A South Canterbury farming leader says reality is starting to sink in for farmers affected by severe flooding from the Rangitata River.
The one-in-20-year event caused widespread damage to farms, closing nearby highways and forcing the evacuation of some houses and stock.
South Canterbury Federated Farmers president Jason Grant said around 12 large farms, mainly dairy-operations, had been the worst affected.
"It's left a lot of debris and carnage behind it," he told Rural Today's Dominic George.
He said the emphasis had been on making sure people were safe and that cows were fed and milked.
"Any stock that doesn't need to be in there, we will start trucking them out to other properties."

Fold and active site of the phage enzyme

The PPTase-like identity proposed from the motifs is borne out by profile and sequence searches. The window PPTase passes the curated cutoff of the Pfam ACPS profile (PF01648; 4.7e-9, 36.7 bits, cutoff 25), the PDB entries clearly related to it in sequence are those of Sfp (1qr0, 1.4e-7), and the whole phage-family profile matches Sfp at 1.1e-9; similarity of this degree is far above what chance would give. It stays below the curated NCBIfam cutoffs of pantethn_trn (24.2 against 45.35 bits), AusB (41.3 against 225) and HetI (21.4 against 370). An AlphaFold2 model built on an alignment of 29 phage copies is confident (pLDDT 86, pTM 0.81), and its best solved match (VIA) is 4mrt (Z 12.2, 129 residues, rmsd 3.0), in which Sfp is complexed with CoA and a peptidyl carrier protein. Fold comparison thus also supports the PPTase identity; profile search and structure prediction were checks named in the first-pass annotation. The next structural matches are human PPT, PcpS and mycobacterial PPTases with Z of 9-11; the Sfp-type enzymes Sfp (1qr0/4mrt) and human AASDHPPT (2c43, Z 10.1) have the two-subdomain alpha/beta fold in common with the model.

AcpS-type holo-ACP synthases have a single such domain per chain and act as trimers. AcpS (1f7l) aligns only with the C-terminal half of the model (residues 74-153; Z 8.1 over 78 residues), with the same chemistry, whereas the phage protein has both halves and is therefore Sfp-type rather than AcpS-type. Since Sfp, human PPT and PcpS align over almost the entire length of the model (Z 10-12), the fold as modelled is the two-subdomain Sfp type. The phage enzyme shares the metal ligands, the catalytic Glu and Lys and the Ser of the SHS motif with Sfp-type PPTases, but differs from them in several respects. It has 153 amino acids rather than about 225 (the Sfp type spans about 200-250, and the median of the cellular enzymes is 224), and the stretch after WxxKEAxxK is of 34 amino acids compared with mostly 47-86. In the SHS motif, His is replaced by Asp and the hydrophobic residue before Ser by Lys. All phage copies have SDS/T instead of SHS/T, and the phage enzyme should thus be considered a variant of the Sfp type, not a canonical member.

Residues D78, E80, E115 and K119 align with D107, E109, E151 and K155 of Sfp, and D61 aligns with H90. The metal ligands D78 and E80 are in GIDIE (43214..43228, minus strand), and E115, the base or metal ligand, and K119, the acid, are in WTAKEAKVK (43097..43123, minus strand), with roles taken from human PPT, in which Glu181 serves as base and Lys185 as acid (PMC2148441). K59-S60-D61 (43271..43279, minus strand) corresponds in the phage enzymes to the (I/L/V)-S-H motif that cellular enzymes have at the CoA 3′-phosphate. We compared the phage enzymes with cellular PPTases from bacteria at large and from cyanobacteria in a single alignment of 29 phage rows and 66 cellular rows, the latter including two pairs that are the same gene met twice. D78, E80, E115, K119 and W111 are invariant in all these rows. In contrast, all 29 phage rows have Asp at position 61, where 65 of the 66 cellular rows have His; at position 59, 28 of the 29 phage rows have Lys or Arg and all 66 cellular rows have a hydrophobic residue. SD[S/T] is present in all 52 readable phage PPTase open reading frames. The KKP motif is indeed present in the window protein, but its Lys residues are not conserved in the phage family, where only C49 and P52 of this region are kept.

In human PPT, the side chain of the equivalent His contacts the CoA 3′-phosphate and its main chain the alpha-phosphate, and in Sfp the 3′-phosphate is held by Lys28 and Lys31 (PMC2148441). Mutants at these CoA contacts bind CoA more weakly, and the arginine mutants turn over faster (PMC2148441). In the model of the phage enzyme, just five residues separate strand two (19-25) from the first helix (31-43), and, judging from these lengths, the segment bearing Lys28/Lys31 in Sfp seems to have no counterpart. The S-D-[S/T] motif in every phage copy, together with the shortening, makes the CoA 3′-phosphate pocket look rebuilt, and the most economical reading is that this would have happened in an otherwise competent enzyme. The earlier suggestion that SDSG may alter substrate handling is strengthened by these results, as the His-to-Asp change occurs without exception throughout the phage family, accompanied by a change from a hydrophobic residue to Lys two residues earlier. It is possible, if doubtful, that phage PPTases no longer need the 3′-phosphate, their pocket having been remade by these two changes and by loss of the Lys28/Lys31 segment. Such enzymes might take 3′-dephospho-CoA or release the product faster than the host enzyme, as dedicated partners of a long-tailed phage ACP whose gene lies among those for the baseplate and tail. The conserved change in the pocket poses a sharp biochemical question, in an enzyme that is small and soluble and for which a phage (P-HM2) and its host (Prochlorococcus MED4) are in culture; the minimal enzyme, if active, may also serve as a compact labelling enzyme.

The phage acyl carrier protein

Some cows were still cut off by the floodwaters, and unable to be milked.
"We are hoping the flood flows drop so we can get the cows to the shed."
Farmers were now turning their attention to the clean-up ahead, which Grant said would take its toll on those affected.
"People run on adrenalin for two or three days, then that wears off and that's when it hits home."
Farmers had been heartened by offers of support and help.
"The clean up is going to be where the assistance from the public will be of real value."
The Government announced on Sunday it was to provide funding to support affected farmers, with Agriculture Minister Damien O'Connor declaring a medium-scale adverse event for the district.
"I've agreed that up to $50,000 should be made available to the South Canterbury Rural Support Trust to help provide backing to help these communities on the road to recovery, including pastoral support and specialist technical advice," he said.
Ministry for Primary Industries field-staff is also providing advice and assistance on the ground.